By Jeremy Hallock
By James Khubiar
By Observer Staff
By Kelly Dearmore
By Jim Schutze
By Rachel Watts
By Lauren Drewes Daniels
The Fresh & Onlys have released music on seven different labels at this point—a startling feat for a band that formed two years ago. But keep in mind that the San Francisco six-piece has a serious pedigree. And that it plays some of the coolest, woolliest garage-psych around.
The Fresh & Onlys began as a home-recording collaboration between longtime friends Shayde Sartin and Tim Cohen, both of whom work at San Francisco's well-regarded Amoeba Music record store. Cohen fronted the pop band Black Fiction, while Sartin has played bass in the Skygreen Leopards and logged many hours live with Kelley Stoltz, The Dutchess and the Duke, Papercuts and others. From the start of their team-up, sparks flew. Instead of re-recording songs Cohen had written alone, as they had initially planned, they wound up writing new ones together in a flurry.
"It became a more collaborative thing," Sartin recalls. "It just exploded in our faces, and next thing I knew, we had like 30 songs recorded. It just took on a life of its own."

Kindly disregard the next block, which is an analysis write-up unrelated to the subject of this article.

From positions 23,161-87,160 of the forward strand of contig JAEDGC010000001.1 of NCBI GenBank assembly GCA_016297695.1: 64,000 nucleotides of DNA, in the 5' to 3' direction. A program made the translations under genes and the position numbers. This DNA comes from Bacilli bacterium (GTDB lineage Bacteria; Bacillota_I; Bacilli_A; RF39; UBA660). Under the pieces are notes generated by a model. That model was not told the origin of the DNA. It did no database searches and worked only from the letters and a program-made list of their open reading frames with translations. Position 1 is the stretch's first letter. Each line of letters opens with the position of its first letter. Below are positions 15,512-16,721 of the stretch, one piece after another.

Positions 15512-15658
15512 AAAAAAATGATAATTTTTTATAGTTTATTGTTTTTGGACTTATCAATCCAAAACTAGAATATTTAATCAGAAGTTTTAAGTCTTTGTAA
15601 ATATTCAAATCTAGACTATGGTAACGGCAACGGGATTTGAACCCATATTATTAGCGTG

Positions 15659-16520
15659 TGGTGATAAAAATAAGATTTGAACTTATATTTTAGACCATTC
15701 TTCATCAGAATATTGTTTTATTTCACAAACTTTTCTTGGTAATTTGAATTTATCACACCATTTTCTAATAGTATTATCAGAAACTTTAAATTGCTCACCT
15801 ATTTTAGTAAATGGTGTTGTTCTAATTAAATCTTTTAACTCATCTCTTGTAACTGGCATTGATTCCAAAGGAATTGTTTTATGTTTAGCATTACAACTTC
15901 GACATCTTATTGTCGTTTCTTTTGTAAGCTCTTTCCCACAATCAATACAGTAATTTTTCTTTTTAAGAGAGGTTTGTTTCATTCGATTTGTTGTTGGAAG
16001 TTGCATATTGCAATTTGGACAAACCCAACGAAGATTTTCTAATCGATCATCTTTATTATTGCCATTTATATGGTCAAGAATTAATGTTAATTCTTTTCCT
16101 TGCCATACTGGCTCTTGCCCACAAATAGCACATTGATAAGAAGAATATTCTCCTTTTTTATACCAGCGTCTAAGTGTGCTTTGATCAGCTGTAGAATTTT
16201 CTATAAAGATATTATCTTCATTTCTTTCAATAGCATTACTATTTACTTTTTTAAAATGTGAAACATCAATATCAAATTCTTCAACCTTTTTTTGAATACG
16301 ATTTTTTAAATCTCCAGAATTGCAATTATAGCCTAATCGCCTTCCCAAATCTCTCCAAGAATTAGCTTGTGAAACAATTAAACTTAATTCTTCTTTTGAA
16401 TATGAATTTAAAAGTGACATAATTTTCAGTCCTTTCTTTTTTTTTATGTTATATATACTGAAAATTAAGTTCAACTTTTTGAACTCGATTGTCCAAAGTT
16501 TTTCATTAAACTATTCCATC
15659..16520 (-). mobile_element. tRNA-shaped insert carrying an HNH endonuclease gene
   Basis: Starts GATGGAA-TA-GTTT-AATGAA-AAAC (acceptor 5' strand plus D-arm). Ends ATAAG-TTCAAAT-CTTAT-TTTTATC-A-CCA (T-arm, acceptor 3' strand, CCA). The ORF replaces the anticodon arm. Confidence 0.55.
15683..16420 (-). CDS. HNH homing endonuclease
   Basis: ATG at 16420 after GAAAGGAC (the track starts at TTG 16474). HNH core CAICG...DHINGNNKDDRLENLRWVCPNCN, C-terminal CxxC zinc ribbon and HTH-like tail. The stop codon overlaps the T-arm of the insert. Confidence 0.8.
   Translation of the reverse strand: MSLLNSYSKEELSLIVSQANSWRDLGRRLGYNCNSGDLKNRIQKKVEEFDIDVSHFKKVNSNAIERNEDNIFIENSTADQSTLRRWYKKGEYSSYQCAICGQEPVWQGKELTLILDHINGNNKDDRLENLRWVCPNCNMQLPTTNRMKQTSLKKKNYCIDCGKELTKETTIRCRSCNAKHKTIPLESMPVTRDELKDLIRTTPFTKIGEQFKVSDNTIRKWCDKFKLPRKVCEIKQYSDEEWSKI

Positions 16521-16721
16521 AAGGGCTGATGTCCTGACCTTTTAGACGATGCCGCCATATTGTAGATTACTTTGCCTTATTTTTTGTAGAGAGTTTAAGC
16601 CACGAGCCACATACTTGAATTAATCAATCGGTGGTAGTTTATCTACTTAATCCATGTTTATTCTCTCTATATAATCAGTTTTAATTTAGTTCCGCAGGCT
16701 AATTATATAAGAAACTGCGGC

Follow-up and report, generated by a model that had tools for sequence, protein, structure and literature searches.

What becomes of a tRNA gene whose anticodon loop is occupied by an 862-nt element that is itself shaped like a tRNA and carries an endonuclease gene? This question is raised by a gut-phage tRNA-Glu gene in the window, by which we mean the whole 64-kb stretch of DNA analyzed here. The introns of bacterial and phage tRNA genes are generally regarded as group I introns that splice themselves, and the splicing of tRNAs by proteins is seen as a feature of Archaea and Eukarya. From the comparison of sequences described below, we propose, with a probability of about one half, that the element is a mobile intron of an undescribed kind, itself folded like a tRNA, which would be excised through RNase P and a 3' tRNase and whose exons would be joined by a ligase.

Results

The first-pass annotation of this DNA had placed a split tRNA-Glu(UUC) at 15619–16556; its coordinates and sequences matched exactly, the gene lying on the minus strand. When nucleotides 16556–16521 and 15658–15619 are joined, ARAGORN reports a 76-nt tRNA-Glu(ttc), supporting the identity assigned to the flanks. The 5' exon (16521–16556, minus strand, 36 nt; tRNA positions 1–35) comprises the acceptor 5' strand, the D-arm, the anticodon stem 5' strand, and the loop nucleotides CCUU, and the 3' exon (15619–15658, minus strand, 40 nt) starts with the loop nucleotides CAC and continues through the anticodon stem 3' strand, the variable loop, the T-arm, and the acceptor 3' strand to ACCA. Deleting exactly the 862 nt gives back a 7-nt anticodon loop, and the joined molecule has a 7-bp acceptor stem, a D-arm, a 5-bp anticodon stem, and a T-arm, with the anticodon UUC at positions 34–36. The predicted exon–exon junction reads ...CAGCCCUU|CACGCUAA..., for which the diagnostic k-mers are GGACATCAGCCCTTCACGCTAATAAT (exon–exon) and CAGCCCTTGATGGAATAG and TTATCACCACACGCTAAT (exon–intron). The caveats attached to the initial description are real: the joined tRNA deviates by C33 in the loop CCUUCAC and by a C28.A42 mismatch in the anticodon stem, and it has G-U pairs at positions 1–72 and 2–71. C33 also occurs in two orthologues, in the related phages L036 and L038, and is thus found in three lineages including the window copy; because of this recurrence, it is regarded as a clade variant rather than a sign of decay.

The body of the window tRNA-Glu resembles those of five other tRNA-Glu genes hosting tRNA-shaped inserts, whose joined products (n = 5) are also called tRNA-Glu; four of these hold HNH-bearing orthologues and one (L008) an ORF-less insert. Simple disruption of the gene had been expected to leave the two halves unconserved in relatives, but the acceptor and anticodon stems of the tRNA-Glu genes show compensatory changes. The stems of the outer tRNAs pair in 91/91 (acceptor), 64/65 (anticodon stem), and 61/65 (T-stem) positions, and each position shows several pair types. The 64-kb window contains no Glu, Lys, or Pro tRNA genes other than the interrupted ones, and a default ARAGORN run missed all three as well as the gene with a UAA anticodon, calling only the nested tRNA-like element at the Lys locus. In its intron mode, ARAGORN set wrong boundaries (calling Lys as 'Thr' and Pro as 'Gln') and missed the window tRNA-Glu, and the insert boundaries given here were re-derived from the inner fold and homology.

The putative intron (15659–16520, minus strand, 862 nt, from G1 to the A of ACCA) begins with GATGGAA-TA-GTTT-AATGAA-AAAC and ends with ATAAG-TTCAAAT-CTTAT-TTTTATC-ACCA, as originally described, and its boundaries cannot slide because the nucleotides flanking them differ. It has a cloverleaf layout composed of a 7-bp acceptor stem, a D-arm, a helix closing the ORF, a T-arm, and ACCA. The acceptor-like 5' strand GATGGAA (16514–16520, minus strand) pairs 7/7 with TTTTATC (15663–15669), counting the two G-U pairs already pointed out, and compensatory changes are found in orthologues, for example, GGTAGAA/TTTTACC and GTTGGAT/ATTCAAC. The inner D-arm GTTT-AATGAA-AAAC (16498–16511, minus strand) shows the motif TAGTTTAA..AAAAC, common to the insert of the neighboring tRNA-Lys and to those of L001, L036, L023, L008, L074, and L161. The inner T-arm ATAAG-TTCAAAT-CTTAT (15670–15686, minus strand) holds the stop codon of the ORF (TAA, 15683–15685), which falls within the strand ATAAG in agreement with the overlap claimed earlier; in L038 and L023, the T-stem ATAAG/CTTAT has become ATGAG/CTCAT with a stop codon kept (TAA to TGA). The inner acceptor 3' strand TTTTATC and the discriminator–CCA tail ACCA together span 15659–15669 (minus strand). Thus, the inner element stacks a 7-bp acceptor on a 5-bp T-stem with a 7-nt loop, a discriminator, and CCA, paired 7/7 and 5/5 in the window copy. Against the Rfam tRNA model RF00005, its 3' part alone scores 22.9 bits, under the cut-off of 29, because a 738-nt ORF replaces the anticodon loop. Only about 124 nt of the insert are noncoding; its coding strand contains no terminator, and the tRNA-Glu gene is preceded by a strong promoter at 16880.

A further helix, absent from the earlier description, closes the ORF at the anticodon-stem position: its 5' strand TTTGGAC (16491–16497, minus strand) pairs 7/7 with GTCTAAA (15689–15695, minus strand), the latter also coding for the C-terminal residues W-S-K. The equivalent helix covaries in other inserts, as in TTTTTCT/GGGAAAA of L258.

To accommodate so much material, Cohen and Sartin started a cassette label, No Foot Boogie Tapes, to release their work. They also assembled a live lineup featuring guitarist Wymond Miles from Wymond and the Spirit Children and backup singers Heidi Alexander and Grace Cooper from The Sandwitches. More recently, Kyle Gibson (formerly of The Pattern) came on board to play drums. The band's recordings are still often made by Cohen and Sartin, though. And they've worked wonders with an eight-track machine and, when beer got spilled on that device, a four-track.
There's an undeniable '60s vibe to The Fresh & Onlys' bristling guitars, aching reverb and off-kilter vocals, and Sartin has acknowledged the influence of The 13th Floor Elevators on his songwriting (Cohen claims inspiration from The Minutemen). As the act's singer and guitarist, Cohen dreams up screwy lines about hookers, tropical islands and imaginary friends, croaking them out in a sort of oblivious fever.
"It's the most prolific band I've ever been in by far," Sartin says, adding that the luxury of self-recording has hastened the songwriting. "Whenever [a label] asks us to do something, we're able to say yeah."
At the same time, The Fresh & Onlys aren't exactly rushing out to release everything they capture on the four-track.
"We record so many songs, and a lot of them don't see the light of day," Sartin says. "We're really selective about what we let people hear."
Just maybe a little less selective than most.